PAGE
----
Talk:Seal of the Confessional and the Catholic Church
With respect to the United States, this article appears out-of-date - predating the statehood of Alaska! Also the term "Seal of the Confessional" is a term of religious law, not civil or criminal law (at least in the USA). I propose to transfer that material to a new page called something like Confessional Privilege (United States) and to preface it with the more relevant material, which would be statutory in nature. The historical and common-law material is interesting trivia, at least in the USA. Any thoughts? rewinn 03:54, 7 July 2006 (UTC)
- I seem to have stumbled on this page at roughly the same time and come to much the same conclusion. I think that we should:
- Move this page to Confessional privilege (note capitalisation!) or some similar modern name
- Be bold and edit the US bit (it is clearly out of date) with a link to the US article.
- Post a request for WP:Peer review
- Refine the categories
- Make sure that there are some links from diverse related areas so that it gets noticed.
- I think that the UK position is currently covered solely under the law of Public Interest Immunity but I will try to find time to look it up. Cutler 16:50, 9 July 2006 (UTC)
Connection to priest abuse scandal?
I recall hearing on the BBC (forget which program) that since the 1960's, priests have been using this seal on child victims of sexual abuse to silence them on threat of excommunication, while the priests involved were punished much less harshly.
Can anyone find any corroboration with this? If true, this would be an important topic to add to this subject, perhaps in an 'abuse' section.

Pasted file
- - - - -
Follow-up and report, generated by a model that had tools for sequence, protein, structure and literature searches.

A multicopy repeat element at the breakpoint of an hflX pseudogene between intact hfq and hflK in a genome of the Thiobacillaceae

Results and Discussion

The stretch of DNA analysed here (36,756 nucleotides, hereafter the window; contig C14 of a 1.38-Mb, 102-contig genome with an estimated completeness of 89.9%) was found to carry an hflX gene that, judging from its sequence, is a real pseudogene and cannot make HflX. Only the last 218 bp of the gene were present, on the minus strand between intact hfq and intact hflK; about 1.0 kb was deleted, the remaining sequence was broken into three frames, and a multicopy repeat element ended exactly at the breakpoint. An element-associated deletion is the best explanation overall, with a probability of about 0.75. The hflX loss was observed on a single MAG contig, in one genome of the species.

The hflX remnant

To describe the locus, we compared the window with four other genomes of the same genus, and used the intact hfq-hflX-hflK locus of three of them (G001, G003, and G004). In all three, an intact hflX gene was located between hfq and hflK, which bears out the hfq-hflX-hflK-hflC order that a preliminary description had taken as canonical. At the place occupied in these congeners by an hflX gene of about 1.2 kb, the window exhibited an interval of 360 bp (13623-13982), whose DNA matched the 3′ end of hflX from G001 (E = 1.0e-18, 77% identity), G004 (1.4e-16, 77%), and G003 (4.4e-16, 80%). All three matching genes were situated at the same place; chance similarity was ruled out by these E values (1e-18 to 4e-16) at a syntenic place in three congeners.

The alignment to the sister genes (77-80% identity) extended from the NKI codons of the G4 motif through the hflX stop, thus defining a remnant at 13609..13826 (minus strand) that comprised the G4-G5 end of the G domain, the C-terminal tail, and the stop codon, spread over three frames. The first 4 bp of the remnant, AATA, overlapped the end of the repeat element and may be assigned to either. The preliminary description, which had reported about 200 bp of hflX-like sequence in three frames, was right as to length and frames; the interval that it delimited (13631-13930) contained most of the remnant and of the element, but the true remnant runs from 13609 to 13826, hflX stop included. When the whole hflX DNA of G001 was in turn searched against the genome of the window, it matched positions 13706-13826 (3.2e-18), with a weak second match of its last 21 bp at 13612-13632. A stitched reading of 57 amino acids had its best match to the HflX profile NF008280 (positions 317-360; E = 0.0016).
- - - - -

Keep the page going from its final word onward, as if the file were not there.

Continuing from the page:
--220.127.116.11 16:50, 6 August 2007 (UTC)
- Your comment doesn't really make any sense. This article is about the Seal of the Confessional - it is about priests not repeating what is said to them by a penitent, not the other way around! Timothy Titus Talk To TT 09:22, 20 October 2007 (UTC)
This BBC story suggests that the Irish government has said that "in future, priests would not be excused for withholding information about abuse even if it was given during confession". Might be worth noting by someone with enough knowledge to assess it. 18.104.22.168 (talk) 12:07, 29 August 2011 (UTC)
'Notably, neither this canon nor the law of the Decretum purports to enact for the first time the secrecy of confession.' The wording is unfortunate, but the intention of the writer is clear enough: Gratian's text is often described as a compilation, which implies that the individual article pre-dated Gratian.Pamour (talk) 09:04, 31 December 2011 (UTC)